One of the things with writing ‘Rudolph’s Ranch’...the inspiration for the song came from the book The Idiot by Elif Batuman. It’s about this woman who is a freshman at Harvard and her social mishaps in her first year of college. She is a linguistics scholar and they say you have to take a foreign language to be in linguistics - she takes Russian. In the Intro to Russian class, they give her this novel called Nina in Siberia and Nina, the protagonist, ends up working at a reindeer farm…you’re reading it through the perspective of the protagonist.

The imagery of snow and reindeer, you’re already leading with something that’s very Christmassy. A Charlie Brown Christmas is probably my favorite Christmas record, so I figured why don’t I take Nina in Siberia and make it into this sad Christmas song. I have a lot of feelings about Christmas music, I really like the jazz standards. But, if you listen to a lot of pop Christmas music, it feels like you’ve eaten a bunch of candy canes - you can feel the sugar in your windpipe. I wanted it to be more like something that, if I’m going with this food metaphor, that was more like having a sprig of mint - a nice palette cleanser before you jumped back in to the [sugary] kind. 

I’m really proud to do sadder Christmas songs. It can be a really isolating time of year. I think that this song, the circumstances in the text that inspired this…the character is isolated on this reindeer farm...I thought I’d lean into that because it’s going to stand out against all the sugary Christmas confections that are out there, on the radio.

'Rudolph's Ranch' was born out of a prompt from an online songwriter group. Was The Idiot and the inspiration you gained from that something that had always lingered in your mind for a song? Or was it a recent read you were still thinking about?

‘Ivan’ was the first song that I had written for this project. I played it at open mics, I played it for my friends and everyone was like ‘I really like that song, it gets stuck in my head and I wish I could sing along with it’. I thought this [song] was a good move.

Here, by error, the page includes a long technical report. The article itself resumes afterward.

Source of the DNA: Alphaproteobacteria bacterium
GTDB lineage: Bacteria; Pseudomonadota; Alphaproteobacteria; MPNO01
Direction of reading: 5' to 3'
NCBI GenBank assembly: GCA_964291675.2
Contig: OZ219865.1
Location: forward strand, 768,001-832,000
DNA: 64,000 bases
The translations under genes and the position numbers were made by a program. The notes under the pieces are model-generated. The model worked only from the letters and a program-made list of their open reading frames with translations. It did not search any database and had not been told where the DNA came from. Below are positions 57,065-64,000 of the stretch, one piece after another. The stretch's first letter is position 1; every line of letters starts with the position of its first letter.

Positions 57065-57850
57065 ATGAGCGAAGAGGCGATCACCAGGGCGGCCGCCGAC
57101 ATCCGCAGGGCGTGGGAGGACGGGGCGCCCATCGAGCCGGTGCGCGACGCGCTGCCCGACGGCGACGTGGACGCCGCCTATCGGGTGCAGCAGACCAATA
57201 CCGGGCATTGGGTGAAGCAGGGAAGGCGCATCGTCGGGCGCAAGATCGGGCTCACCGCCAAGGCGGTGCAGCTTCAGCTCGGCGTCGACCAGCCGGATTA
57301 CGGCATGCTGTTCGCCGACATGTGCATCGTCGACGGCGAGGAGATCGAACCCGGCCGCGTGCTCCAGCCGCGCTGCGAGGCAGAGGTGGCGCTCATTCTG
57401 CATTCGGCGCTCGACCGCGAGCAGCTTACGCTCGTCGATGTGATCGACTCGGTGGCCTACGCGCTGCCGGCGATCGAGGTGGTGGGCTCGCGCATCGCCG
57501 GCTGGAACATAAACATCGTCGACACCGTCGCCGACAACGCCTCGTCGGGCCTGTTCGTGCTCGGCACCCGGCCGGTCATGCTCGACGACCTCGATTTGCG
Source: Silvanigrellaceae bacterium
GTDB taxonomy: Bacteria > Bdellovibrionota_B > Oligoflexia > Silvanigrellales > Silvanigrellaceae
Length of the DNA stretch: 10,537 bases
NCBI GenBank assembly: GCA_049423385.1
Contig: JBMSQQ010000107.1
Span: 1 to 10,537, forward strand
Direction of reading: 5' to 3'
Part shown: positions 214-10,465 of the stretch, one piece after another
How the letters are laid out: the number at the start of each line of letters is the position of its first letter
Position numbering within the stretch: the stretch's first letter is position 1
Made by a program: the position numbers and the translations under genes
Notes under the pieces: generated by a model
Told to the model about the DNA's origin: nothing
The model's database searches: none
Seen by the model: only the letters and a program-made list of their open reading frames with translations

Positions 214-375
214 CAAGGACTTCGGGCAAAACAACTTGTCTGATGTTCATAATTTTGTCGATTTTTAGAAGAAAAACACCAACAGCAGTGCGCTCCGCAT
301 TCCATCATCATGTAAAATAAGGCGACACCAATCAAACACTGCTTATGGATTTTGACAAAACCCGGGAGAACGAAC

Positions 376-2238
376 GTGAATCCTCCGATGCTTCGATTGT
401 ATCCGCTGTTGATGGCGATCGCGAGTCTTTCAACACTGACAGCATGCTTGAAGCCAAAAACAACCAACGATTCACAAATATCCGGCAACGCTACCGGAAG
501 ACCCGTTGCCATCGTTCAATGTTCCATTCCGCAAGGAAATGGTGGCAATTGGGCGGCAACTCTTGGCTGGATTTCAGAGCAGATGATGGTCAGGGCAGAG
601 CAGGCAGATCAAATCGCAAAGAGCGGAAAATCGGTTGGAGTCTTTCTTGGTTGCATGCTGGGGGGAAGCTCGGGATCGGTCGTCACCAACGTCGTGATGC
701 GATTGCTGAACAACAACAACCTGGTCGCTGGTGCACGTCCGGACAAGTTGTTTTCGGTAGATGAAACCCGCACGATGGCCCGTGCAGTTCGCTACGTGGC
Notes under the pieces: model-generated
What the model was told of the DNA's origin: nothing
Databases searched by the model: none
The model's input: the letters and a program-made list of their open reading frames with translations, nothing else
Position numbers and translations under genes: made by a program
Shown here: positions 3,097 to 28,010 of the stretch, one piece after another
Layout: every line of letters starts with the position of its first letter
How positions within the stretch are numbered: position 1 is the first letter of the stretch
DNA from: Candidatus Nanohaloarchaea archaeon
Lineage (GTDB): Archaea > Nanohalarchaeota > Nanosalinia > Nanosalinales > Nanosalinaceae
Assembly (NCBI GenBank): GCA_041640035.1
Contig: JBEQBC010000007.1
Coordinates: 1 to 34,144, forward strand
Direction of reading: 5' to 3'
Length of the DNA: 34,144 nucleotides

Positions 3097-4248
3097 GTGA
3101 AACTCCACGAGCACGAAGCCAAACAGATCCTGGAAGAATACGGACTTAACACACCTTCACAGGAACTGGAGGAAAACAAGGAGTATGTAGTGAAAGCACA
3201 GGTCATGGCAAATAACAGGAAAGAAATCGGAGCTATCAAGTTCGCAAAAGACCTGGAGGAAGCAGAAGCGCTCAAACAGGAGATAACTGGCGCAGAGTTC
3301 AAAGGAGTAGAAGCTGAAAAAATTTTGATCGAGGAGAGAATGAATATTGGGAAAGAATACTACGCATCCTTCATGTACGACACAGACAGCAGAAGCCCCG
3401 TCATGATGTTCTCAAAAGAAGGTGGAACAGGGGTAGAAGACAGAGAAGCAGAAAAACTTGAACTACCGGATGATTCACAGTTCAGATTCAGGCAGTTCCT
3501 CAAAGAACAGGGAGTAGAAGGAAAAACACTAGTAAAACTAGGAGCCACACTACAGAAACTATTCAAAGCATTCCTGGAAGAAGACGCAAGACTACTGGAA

I had gotten this other prompt, which was to write a song about a place. Elif Batuman was still pretty fresh in my mind and thought about Nina In Siberia because the place is very important to that story. I wondered, what was it like to work on a reindeer farm? I started to make a list of the things you would experience while working on one, and I was having a lot of fun writing it. I had also gotten another prompt from another songwriting group that was to write a song [with a] seventh chord. Seventh chords are jazz chords, jazz chords remind me of Christmas….you got snow, you got reindeer, you got jazz chords.

I’m acquainted with a couple of people who have written Chirstmas songs, and was aware that every Christmas they get a small payout *laughs* from their publishing because their songs are played - there’s all of these stations in the States that just play Christmas music. I thought it would be fun to have something that would get played every Christmas and would be part of people’s holiday - and where I could pay my expenses for a month *laughs*. Part of it was greed but part of it was that the story was already shaping up to be very festive because you have all of these things that just suggest Christmas.